A “Who’s Who” in public relations showed up in Chicago Thursday night to salute six role-model mentors at the Plank Center’s second annual “Milestones in Mentoring” gala.
The outstanding mentors receiving recognition at the second annual awards dinner in Chicago Thursday night were:
- Legacy: Ann Barkelew, senior counselor and founding general manager of Fleishman Hillard Minneapolis/St. Paul and former vice president, corporate communications, Dayton Hudson Corporation.
- Agency: Howard Paster (posthumously), former chairman and chief executive officer, Hill & Knowlton
- Young Professional: Joseph Tateoka, associate, Technology Practice, Burson-Marsteller
- Educator: Dr. Rochelle Ford, associate dean for research and academic affairs of the John H. Johnson School of Communications, Howard University
- Corporate: John Onoda, advisory board, Fleishman Hillard, former head of corporate communications at Levi Strauss & Co., General Motors, Visa USA and Charles Schwab & Co. (See John’s Career Capsule)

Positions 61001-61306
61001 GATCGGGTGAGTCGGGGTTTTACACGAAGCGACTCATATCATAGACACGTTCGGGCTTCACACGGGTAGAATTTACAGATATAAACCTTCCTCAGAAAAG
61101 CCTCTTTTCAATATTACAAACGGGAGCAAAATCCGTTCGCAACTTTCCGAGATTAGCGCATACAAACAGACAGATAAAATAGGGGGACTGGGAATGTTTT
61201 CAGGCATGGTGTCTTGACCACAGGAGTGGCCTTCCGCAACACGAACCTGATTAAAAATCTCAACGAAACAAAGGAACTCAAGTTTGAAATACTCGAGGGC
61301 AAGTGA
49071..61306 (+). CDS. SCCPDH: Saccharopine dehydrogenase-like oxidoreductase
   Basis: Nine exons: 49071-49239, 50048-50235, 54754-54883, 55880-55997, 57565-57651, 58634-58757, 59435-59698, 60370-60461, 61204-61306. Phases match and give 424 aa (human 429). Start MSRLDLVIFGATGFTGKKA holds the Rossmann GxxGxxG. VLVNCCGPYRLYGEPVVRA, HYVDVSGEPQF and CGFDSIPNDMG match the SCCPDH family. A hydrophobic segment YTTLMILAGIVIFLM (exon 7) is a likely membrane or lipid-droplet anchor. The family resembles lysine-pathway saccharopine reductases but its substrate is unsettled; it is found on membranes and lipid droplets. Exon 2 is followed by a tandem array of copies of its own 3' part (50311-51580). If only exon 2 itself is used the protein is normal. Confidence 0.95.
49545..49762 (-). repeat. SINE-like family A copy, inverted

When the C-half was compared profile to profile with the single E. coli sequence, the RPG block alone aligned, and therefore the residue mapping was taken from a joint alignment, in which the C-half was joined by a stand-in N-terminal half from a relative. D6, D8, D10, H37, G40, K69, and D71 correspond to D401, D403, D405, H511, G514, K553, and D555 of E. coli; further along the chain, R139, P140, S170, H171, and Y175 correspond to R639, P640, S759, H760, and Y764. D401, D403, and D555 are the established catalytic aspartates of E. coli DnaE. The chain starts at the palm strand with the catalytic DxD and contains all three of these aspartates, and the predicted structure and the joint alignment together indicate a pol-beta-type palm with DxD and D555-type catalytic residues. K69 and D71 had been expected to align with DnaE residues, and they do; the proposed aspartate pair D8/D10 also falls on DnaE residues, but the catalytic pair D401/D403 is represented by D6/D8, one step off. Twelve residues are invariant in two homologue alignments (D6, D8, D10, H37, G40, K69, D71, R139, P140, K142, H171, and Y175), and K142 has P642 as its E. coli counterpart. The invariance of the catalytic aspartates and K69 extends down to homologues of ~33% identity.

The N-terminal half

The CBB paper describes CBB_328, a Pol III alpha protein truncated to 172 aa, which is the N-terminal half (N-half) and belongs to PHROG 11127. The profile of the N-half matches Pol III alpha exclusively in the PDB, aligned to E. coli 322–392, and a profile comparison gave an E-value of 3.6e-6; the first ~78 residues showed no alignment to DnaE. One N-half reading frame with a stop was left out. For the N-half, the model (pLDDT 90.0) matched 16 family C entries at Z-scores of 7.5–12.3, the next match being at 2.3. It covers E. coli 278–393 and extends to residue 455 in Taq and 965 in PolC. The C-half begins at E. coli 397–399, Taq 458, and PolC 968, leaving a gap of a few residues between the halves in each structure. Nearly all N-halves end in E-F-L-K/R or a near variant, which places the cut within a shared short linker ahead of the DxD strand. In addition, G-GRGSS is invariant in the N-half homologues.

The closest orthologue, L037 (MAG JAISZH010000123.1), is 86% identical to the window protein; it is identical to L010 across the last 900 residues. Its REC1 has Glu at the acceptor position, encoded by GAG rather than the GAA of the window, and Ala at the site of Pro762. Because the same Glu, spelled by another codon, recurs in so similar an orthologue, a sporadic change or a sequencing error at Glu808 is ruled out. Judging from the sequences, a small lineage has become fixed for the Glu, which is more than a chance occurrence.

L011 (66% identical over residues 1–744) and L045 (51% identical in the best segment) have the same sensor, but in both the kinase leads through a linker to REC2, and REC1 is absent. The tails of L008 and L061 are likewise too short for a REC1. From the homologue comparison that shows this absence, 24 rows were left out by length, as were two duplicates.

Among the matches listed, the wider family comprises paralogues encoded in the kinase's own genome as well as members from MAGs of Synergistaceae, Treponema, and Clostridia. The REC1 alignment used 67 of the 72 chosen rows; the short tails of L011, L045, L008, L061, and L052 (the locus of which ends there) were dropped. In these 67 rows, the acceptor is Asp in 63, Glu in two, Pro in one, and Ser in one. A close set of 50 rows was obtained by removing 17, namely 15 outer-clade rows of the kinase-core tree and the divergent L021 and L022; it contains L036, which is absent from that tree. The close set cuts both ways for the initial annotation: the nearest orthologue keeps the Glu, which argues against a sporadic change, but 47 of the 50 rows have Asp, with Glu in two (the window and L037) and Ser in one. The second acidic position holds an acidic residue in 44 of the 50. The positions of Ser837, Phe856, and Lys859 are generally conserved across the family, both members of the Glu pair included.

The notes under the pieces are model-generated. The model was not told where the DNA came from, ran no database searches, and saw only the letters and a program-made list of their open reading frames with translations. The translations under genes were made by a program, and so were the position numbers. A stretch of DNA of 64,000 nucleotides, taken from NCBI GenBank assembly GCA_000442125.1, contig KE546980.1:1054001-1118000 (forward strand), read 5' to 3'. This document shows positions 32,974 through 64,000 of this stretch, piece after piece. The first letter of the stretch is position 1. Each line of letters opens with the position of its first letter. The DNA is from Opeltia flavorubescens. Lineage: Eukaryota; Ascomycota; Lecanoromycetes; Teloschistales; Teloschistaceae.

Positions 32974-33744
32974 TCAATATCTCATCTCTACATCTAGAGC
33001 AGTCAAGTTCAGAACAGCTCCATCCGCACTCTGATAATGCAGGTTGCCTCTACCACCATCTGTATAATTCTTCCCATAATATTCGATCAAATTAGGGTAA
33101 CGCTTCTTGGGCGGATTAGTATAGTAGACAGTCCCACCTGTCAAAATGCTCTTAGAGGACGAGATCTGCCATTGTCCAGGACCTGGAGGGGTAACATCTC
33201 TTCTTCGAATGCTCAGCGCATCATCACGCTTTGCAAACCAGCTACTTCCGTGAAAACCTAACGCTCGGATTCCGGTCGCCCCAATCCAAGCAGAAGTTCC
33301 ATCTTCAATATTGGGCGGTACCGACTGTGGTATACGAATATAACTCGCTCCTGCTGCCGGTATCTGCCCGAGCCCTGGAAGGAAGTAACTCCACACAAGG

- Executive: Peter Hirshberg, chief executive officer, The Re:imagine Group
While all six honorees have taken quite different career paths, they share two of the essential qualities of great mentors—passion for their jobs and a commitment to helping others succeed.
The awards program was the idea of Betsy Plank, perhaps the ultimate mentor of young professionals during her long and amazing life. Sadly, Betsy died six months before last year’s inaugural awards gala. Betsy was the founder and a generous benefactor of the Plank Center, which is headquartered at her alma mater, the University of Alabama in Tuscaloosa. The Plank Center was formed to help bridge the gap and improve communication between PR professionals and academics. Plank Center programs now include academic research grants on PR leadership research, student scholarships, Webinars and a Fellows program that places faculty members in agency and corporate settings for two weeks each summer.
Five years ago, I was invited by Betsy to join her and a dedicated group of peers as founding board members of the Center. Many of our decisions are guided by the unspoken question, “What would Betsy do?” As a result, the organization is thriving during tough economic times for most non-profits.